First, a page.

Katie McCabe

Writer and editor for print and online media


LSFF Round Up For Little White Lies

See the published article on the Little White Lies website here. Last weekend the 8th annual LSFF served up a helping of visceral horror-nasties, overbearing mothers and strangely judgemental mimes.

The wonderful thing about short film screenings is the applause that follows the fade out. There is a sense of pride that lingers in the air, as friends and colleagues celebrate their achievements. But at this year’s London Short Film Festival, the audience branched beyond the industry and media circles to include the general cinema-loving public.

Every year there is at least one charlatan film that edges its way onto the bill but, sitting through three screening sessions this weekend alone, there were no outright duds to be seen. No vacuous ellipses or unnecessary use of the French language, no anti-drug allegory and not a crying clown in sight. Indeed, this year’s LSFF was an entirely sophisticated affair, with self-contained stories boasting tangible narratives.

The presence of short films that smack of art installations can overwhelm festivals like the LSFF, but such films were absent from this year’s eclectic programme. This year the move towards more conventional storytelling was especially true of ‘Fucked Up Love’ on Saturday 8, an event which was so heaving, punters were sprawled on the floor of the Curzon Soho. Most relationships are defined by a few significant moments and so the short film is an ideal vessel for a director to present a love story.

As the lights came up, all that could be heard were audience exchanges about Dave Alexander Smith’s In The Meadow. When the film began, you could feel eyes drooping across the room in anticipation of a story of vagary as a dowdy man and his mistress set down for a picnic in near-silence. But, surprisingly, it all went a bit Kubrick as the couple wakes up to discover they have been robbed by two mimes. Slowly, the story grows into a wonderfully sinister study of morality as the mimes interoperate their unseen sex scene and present the male character with a stolen picture of his children.

The film relentlessly takes you places you didn’t expect to go, each scene offered all the more impact by Smith’s keen sense of pace. It’s not easy to discern what Smith is trying to say but judging from his protagonists behaviour, it seems that sex breeds selfishness.

The less thrilling included Sebastian Aguirre’s Leave Him – which played out like a Calvin Klein ad directed by Werner Herzog. While it looked eerily beautiful, it didn’t have the substance to survive its padded supernatural angle. Still, Aguirre had a lot of competition in that regard.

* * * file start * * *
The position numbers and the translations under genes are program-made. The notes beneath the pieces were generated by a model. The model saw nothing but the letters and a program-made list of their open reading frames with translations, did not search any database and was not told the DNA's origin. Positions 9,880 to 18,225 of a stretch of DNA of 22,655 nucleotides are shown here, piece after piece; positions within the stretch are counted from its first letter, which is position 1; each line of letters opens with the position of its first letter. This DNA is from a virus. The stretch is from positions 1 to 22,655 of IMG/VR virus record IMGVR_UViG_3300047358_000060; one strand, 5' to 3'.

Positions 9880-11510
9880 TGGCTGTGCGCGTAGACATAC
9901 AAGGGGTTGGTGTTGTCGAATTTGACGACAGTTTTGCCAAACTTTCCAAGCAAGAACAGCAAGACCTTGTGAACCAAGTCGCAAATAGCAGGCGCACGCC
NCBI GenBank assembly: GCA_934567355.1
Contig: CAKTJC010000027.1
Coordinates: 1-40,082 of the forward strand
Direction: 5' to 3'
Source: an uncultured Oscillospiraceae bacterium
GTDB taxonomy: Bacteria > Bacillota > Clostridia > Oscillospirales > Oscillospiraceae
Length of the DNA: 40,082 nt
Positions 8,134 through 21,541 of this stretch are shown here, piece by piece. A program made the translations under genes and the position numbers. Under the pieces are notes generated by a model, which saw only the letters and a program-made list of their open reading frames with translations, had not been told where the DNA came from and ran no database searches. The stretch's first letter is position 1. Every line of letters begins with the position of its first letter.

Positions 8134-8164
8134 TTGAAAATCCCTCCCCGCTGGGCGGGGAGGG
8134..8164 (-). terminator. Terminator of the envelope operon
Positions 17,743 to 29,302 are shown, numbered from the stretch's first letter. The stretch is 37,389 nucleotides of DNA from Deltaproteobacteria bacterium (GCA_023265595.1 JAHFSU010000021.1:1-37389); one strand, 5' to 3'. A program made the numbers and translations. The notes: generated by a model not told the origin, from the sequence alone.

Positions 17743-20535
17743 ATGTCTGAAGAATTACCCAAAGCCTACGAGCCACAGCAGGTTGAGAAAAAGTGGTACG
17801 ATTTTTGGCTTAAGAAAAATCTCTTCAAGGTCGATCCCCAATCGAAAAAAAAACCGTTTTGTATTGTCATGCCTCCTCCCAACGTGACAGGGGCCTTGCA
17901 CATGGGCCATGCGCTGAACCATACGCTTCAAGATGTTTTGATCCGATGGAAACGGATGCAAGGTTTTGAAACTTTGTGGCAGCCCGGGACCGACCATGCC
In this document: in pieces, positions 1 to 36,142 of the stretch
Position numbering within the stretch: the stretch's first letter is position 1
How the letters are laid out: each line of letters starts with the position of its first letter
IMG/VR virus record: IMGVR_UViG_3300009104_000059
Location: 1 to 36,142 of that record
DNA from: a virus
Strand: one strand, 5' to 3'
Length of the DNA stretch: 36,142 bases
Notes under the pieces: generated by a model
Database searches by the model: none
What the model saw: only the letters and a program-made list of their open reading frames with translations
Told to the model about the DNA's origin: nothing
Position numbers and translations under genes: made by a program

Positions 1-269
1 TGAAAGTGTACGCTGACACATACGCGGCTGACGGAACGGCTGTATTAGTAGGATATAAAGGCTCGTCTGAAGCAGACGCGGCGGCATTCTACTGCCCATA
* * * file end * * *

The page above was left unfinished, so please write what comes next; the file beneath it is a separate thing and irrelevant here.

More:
The most common (usually undead) vein running through the festival was that of the post-apocalyptic shtick. For the most part, these attempts were a bit derivative (is it possible not to be?) and many of the entrants were patrons of the Edgar Wright school of comic camera swipes. Although Once Upon a Time on Earthby Ian Hothersall was probably the biggest transition nabbing culprit, it was hard not to enjoy his ambitious micro-War of the Worlds complete with computerised explosions.

Next up was ‘Shorts in the Dark’, an initiative which will stretch beyond the festival as the Rio Cinema in Dalston has pledged to promote short films, screening before their weekly Midnight Movie. ‘Shorts in the Dark’ was a bang-on programming choice by LSFF who are clearly tuned into the London voices crying out for late night cinema. The result was a heartening communal film event.

The most persistent offering of the evening was To My Mother and Father, a furiously filmed horror. Director Can Evrenol’sominous work has asserted him as the king of uncomfortable viewing showing rough pregnancy sex, voyeuristic children and an eviscerating alien scene that would make Sigourney Weaver squirm.

The film moves from odd to abject as a little boy, Jimmy is accidentally forced to watch his parents go at it through the frame of his voodoo mask. The nine-minute film watches like footage that should be encrypted on an illegal hosting site, but still feels more advanced than your average video nasty. In other words, it’s an absolute mindfuck, but one executed with the horror-full gusto.

Finally, the sobering effect of the ‘Family Affairs’ bill came as a perfect piece of timing on Sunday 9. The screening opened with the Freudian pastiche, Marigolds,by Stephanie Zari. Unfortunately for the rest, its originality, density and slow reveal managed to transcend the rest of the collection.

Marigolds stares at the complex sadness of an unappreciated housewife. The female lead, Susannah, captures the feel of the film single-handed; her life’s troubles etched into every line and wrinkle on her face. We see her snap off the Marigold gloves, rinse the dust from her hair and scrape on ageing mascara as she awaits her son’s arrival. When he finally does, an Oedopian undertone rears its creepy head. This deviant story, set in such a painfully normal environment, makes for one beautifully disturbing film.

It may be early days, but ode to the outside-the-box actions of the LSFF programmers, 2011 is shaping up to be a brighter year for short cinema.

The LSFF runs until January 16 across London. For more information head to shortfilms.org.uk

katiemccabe • May 10, 2015

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